Now that we’ve established that online dating is a smart and necessary long-term strategy for women over 50, the question becomes, “What can you do better? Are you initiating contact with at least one man a day who states that he’s open to women your age?
” You think you’re doing everything you can possibly do. I don’t know the answer, but most people who say they’ve taken my advice have only taken a few pieces of my advice.
It’s the built-in folly of online sites: you are only defined by your age, in bold type right next to your user name.
I am a youthful, fit and free-spirited woman and to be honest, I’m not ready for the retired 65-70 year old guys.
It’s 7 hours/180 pages of advice that takes you through the entire process of online dating chronologically. All you can do is change your mindset and approach to the dating process and let the chips fall where they may.
I’m betting you can find TWENTY things you can do differently to get different results. And since I’ve helped a LOT of women over 50, I have to believe that all you can do is keep on keeping on, instead of embracing the idea that NO women over the age of 50 find partners online. Great timing for this post as my 54th birthday looms up next month.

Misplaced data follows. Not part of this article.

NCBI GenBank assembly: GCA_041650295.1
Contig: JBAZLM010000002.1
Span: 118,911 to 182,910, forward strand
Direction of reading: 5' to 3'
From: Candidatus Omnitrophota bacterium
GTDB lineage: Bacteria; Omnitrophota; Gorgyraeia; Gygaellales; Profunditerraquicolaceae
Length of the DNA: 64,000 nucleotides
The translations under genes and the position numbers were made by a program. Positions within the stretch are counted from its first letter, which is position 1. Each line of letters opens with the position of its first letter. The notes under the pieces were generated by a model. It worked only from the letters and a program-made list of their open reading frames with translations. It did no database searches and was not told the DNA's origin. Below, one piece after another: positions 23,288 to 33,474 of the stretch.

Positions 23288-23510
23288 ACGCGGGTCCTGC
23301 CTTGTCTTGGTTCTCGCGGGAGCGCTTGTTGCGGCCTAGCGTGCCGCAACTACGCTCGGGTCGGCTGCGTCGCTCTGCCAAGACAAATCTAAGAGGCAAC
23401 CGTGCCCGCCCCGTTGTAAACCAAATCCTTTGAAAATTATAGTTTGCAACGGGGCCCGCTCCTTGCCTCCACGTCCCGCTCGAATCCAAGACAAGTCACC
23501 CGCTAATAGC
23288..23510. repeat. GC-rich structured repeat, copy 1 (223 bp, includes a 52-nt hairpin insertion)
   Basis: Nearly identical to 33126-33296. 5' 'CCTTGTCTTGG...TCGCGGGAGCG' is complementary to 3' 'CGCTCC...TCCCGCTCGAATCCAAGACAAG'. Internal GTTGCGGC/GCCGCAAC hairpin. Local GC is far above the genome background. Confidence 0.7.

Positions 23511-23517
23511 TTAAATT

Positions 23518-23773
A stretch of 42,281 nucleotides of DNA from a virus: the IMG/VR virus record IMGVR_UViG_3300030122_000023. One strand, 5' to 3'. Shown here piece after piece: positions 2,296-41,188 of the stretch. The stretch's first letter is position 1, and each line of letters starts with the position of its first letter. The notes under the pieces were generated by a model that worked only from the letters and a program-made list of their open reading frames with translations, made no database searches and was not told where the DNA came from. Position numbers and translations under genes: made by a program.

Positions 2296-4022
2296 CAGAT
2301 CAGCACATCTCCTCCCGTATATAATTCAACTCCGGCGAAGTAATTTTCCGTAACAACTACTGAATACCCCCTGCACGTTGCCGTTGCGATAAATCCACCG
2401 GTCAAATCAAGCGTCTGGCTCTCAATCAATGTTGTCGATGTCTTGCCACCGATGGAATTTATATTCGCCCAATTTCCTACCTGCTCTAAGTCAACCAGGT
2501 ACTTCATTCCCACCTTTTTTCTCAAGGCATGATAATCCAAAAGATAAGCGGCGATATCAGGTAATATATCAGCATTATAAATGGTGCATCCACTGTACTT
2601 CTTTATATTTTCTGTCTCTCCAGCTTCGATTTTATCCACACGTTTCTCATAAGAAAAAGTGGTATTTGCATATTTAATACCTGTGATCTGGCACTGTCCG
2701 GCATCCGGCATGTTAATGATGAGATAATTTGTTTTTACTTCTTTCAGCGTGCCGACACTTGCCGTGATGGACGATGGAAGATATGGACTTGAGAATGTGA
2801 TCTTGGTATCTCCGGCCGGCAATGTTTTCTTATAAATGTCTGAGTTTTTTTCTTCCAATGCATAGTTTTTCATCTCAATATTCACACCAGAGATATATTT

And you may be trying your best, but you’re not truly maximizing your potential. Which is like saying you’re going on a diet by cutting out sugar, but continuing to eat large portions of fried foods.
Match is a much more age criteria oriented site than say POF.
More unhappy couples are getting divorced when the kids leave the house. We also know that dating online does not mean that you’re not dating men you meet in real life. If you meet a guy through friends, at the market, at a concert, great.
Having a profile on isn’t going to keep you from doing that.
I assume the reason for this is they can get younger women to respond to them, so why would they go for me when they have a chance with the 45 year-old version of me?
If their first wife was their age, like a college sweetheart or whatever, they probably feel entitled to a newer model, so to speak. It’s frustrating, not to mention depressing and more than a little humiliating.